Vladimir Putin warns of global 'chaos' if West attacks Syria again


Vladimir Putin warns of global 'chaos' if West attacks Syria again

US President Donald Trump is still willing to meet with Russian President Vladimir Putin despite increasing tensions between the United States and Russia, White House spokesperson Sarah Sanders said.

"Vladimir Putin, in particular, stressed that if such actions committed in violation of the U.N. Charter continue, then it will inevitably lead to chaos in global relations", the Kremlin statement said.

Mr Putin denounced "with the utmost firmness" the strikes which he described as "an act of aggression against a sovereign state which is at the forefront of the fight against terrorism". "All issues related to the status of the Palestinian territories, including the Jerusalem problem, need to be tackled through direct Palestinian-Israeli negotiations on a generally recognised worldwide legal basis, including the relevant resolutions passed by the UN Security Council and the UN General Assembly and also the Arab Peace Initiative endorsed by the Arab League", the Russian president noted. "We are considering additional sanctions on Russian Federation and a decision will be made in the near future", White House Press Secretary Sarah Sanders said in a statement.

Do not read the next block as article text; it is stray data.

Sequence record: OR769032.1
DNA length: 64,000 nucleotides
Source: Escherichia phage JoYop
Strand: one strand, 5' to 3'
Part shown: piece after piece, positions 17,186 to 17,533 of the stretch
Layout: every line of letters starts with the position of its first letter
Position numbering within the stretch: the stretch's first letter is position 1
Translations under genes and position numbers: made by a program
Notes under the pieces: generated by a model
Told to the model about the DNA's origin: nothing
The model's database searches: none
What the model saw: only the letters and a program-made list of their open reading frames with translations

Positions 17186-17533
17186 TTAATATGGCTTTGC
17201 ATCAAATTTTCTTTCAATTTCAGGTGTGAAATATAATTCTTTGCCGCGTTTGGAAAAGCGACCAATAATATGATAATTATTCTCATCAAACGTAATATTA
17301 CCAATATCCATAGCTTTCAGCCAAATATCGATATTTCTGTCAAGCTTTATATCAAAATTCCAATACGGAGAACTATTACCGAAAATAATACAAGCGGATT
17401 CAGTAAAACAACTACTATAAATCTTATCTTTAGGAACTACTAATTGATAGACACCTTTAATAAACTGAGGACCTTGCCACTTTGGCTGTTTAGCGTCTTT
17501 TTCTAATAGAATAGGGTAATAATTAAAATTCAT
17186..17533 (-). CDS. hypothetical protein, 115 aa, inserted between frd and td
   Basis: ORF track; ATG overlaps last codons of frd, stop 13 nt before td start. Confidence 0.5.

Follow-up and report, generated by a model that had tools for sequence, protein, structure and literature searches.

Syrian President Bashar al-Assad faced worldwide criticism for an alleged chemical attack involving chlorine gas on April 7 in the suburb of Douma.

Western governments said Assad was responsible for the use of internationally prohibited weapons, though the Syrian and Russian governments denied any involvement in the attack.

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Trump had said "mission accomplished" on Twitter after the strikes, though US Lieutenant General Kenneth McKenzie at the Pentagon acknowledged elements of the program remain and he could not guarantee that Syria would be unable to conduct a chemical attack in the future. Following the chemical attack, on April 14, the US, UK and France dropped more than 100 bombs near Syrian capital on targets believed to be associated with manufacturing or harbouring chemical weapons.

Though Israel has at times urged stronger U.S. involvement against Assad and his Iranian and Lebanese Hezbollah reinforcements in Syria, it voiced backing for Saturday's air strikes by Western powers.

Following yesterday's air strikes, British foreign minister Boris Johnson has said western powers will study "options" if Syria's government again uses chemical weapons, but nothing is planned as yet. Also Read: US, allies attack Syria; Iran warns of regional consequences: Top updates Merkel and Erdogan also exchanged views on the possibilities of promoting the political process in Syria, according to Seibert, who added the two leaders also discussed bilateral relations.

Putin and Iranian leader Hassan Rouhani spoke on the phone and agreed that the air strikes executed by the U.S., Britain, and France on Saturday damaged the chances for political solution in Syria, according to a statement from the Kremlin, Reuters reported.

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